Tales of slavery contradicted by Sudan diplomat Ambassador: "There are no slaves.... There is a vicious portrayal about Sudan," Mahdi Ibrahim Mohamed insists

June 18, 1996|By GILBERT A. LEWTHWAITE AND GREGORY KANE SO SUN STAFF

WASHINGTON — Soon after our return from Sudan, we meet with Mahdi Ibrahim Mohamed, Sudan's ambassador to the United States.

Over soft drinks in the lobby cafe of the Mayflower Hotel in Washington, he flatly denies that the government in Khartoum sponsors or condones slavery.

"Slavery is not a practice of the government of Sudan," he asserts. "It is contrary to the value of the people of Sudan and the declared policy of Sudan."

He acknowledges that the warring tribes often take captives for ransom but disputes that this is slavery. He describes it more as the abduction of hostages than enslavement.

"There are no slaves. There are ransoms. Any tribes in Sudan can do that," he says. "In many cases conflicts arise between the different tribes over rights to grazing areas or water resources. .. Sometimes they fight each other fiercely. The triumphant one, or maybe both, may take ransom from each other. They could be men or women, young or old.

"Sometimes they may burn the houses of each other. The traditional way of resolving it is to contact the chieftains of the neighboring tribes and establish a mediation which will conclude in agreement to exchange the people who have been taken by each party."

His account differs little from the testimony we have heard of Muslim militia raids on African tribal villages except on one crucial issue ` the complicity of the fundamentalist Islamic government in Khartoum in the slave raids. All the witnesses we interviewed, including former slaves, families that lost members to slavery and two Arab militia officers, implicated the government in sponsoring and supporting the slave raids.

Slavery is one of the major issues straining U.S.-Sudanese relations. The other is Sudan's support for international terrorism.

In May the State Department expelled the Sudanese Embassy's information attache in Washington in reprisal for Sudan's failure to obey a U.S. Security Council demand for extradition to Ethiopia of three Sudanese suspects in an assassination attempt on Egyptian President Hosni Mubarak. This year the United States, citing "security concerns," closed its embassy in Khartoum and moved its diplomats to Nairobi in neighboring Kenya.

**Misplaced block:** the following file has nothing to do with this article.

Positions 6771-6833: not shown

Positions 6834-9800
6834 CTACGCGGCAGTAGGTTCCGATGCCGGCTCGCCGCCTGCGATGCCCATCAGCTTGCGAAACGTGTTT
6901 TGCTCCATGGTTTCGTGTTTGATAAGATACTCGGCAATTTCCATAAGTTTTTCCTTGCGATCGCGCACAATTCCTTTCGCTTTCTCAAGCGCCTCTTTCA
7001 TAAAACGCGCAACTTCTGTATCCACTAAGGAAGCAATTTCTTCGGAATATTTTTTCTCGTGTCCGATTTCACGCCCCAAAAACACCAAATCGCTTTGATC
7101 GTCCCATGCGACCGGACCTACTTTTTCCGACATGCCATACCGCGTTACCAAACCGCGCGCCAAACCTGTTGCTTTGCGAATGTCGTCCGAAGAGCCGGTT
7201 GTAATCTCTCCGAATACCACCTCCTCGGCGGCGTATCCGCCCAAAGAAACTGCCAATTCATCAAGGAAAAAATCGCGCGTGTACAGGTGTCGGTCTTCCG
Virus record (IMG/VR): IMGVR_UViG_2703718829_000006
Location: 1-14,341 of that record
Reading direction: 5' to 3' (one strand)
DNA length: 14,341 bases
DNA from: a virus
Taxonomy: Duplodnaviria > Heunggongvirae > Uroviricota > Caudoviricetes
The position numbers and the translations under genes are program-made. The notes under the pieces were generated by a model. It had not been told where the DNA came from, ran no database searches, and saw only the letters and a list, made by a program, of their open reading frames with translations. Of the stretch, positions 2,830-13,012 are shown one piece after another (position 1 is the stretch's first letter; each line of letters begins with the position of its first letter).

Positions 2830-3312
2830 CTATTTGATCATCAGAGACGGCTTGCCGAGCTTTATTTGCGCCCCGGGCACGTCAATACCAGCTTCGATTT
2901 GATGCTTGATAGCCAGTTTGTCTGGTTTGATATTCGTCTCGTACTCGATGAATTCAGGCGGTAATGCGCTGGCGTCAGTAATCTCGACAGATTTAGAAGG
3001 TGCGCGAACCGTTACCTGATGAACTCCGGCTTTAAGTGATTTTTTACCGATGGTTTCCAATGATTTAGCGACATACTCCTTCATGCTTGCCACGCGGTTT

The State Department's 1995 human rights report on Sudan says: "All the reports and information received indicates the direct and general involvement of the SPAF [army], the PDF [militia] ... and mujahidin groups backed by the government in the abduction and deportation of civilians from the conflict zones to the north."

But the ambassador insists that the Khartoum government is not directly involved. Sudan, he says, is a vast country. It has poor communications and is suffering from the disruption of civil war between Islamic government forces and rebels in the south. Under these circumstances, the government has difficulty exercising central control in some areas.

"Most generally these incidents occur in the rebel-controlled areas," he says. This is accurate inasmuch as the raids mainly occur in rebel territory, but most of those captured appear to be taken to government-controlled areas.

To emphasize his point, the ambassador notes that the United States, for all its sophisticated communications network and intense media coverage, is still wracked by police violence and sweatshop labor conditions, both of which are against federal policy.

"It has been seen here in this country," he says. "Rodney King ... he was mistreated. That cruel practice doesn't show it is a government practice or something that was condoned by the government.

"There is [in Sudan] a huge displacement, a huge number of refugees, a no-man's land. You are dealing with a very complex )) TC case. People who come from Europe and the United States, with very limited knowledge about the background of Africa, the tribal element and the displacement made by war, sometimes the business of government control ... they interpret things in a manner which is not factual, which is not close to reality in Africa.

"The media, at times, is very selective in what it chooses. It perpetuates the image which it creates. It will create an image about all Africa, or a country in Africa, in a manner which is very difficult to [escape]. There is a vicious portrayal about Sudan.

"I know these practices [of slavery] are not there, but I will not guarantee that someone in the very difficult places might misbehave. That is to be expected."

He says the evidence we collected in Sudan could be "extremely valuable to the government," adding: "First of all, I have to appreciate your concern about what you characterize as the practice of slavery, and your desire to look for reality, and your attempt to bring it to the attention of someone who is in charge."

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